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Last Updated: Monday, 27 September, 2004, 16:12 GMT 17:12 UK
Parents begin 'right-to-life' bid
Baby - anonymous
The case will centre around the baby's right to treatment
The parents of a seriously-ill premature baby have been permitted to have their High Court fight for her right to treatment heard in public.

Darren and Debbie Wyatt's daughter Charlotte weighed just one pound when she was born three months early.

Doctors have said they will not resuscitate Charlotte if she develops life-threatening breathing problems.

In a hearing on Monday, Mr Justice Hedley, said a public hearing was in the interests of an informed debate.

He added: "In this kind of case, the interests of justice are much more likely to be served by a responsible debate, based on as full information as possible, than by a debate based on partial information which may not give a fair picture of what is involved.

"If one is looking for responsible debate, the court ought to give those from whom it expects responsible debate the fullest means of conducting that debate."

The judge had heard arguments from lawyers on both sides of the case and from media groups anxious to report the hearing, which begins on Thursday and will raise issues of major public interest.

Baby's interests 'paramount'

Charlotte was born three months prematurely at St Mary's Hospital, Portsmouth, in October 2003, and measured only five inches long.

She has never left hospital, and has already stopped breathing several times due to serious heart and lung problems.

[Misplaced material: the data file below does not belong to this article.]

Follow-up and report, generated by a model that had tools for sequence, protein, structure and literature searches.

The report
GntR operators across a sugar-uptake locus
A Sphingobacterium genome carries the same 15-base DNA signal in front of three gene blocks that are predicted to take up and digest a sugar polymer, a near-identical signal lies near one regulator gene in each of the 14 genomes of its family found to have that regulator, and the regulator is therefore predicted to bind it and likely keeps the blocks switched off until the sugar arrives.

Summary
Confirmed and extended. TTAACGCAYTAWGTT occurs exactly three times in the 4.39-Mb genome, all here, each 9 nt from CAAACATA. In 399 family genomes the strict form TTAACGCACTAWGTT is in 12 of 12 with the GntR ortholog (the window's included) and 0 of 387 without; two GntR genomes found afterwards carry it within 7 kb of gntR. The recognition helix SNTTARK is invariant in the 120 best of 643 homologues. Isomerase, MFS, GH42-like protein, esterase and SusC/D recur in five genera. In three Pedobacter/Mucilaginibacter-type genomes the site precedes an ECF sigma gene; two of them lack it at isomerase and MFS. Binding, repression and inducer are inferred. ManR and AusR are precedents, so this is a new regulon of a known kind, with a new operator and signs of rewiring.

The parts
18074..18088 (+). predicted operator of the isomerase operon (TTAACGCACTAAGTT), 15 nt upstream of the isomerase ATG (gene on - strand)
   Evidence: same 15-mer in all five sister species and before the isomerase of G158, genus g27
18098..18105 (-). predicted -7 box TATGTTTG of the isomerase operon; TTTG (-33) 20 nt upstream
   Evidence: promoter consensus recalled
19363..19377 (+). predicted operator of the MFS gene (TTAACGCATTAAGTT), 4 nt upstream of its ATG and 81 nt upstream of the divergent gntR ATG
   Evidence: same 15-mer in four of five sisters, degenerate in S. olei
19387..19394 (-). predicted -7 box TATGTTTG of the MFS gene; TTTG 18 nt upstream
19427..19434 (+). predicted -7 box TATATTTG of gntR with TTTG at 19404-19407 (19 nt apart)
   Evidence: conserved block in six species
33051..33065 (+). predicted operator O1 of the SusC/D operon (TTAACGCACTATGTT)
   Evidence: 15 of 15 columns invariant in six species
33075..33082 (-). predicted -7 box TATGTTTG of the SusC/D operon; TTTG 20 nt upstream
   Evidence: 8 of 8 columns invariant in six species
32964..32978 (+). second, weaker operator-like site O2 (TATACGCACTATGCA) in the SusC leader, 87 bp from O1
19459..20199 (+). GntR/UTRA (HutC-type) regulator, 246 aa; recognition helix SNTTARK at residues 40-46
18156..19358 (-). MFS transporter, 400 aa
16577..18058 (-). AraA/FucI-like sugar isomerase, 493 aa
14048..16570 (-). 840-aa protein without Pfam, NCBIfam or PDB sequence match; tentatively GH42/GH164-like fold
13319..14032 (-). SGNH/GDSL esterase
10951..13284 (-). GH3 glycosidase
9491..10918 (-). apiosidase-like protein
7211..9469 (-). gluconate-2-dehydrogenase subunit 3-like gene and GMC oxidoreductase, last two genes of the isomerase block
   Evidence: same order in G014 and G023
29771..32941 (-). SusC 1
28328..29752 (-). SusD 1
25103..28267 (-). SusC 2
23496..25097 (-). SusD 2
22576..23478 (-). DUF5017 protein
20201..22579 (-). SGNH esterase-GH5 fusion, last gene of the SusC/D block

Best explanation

Doctors say she will not survive beyond infancy because her lungs are so severely damaged.

Her parents, chef Darren Wyatt, 32, and his wife Debbie, 23, have been told that, in the event of another critical episode, it is prepared to keep her alive long enough for them to attend at her bedside, but insists it would be "against the child's interests" artificially to resuscitate her.

The Wyatts' battle for a public court hearing - the first of its kind in such a case - was backed by the hospital trust, which is anxious to reassure the public about the treatment it offers and the decisions it makes.

The Children and Family Court Advisory and Support Service (Cafcass), which is acting as Charlotte's legal guardian, had argued that the interests of the child were paramount and that, while the court's judgment should be made public, the hearing itself should be in private so that witnesses were free from outside pressure.

But Mr Justice Hedley said the baby would never have the capacity to appreciate what the argument was about and her welfare might be better served by continuing cooperation between her parents and the hospital.

However he banned the media from identifying the individual medical staff caring for Charlotte and the independent expert witnesses who are to be called to give evidence.

The experts have expressed fears they would be targeted by pro-life lobbyists unless they were allowed to remain anonymous.

Caroline Harry Thomas, counsel for three of the experts and the unnamed NHS trust which employs them, said that in an entirely separate case two of them had been subjected to a two-year "campaign of vilification and harassment" against themselves and their families.

One of them had been on the point of withdrawing his expert report on Charlotte, but happily the media had agreed to an injunction protecting the experts' anonymity.

The parents won the right to have the hearing in public.

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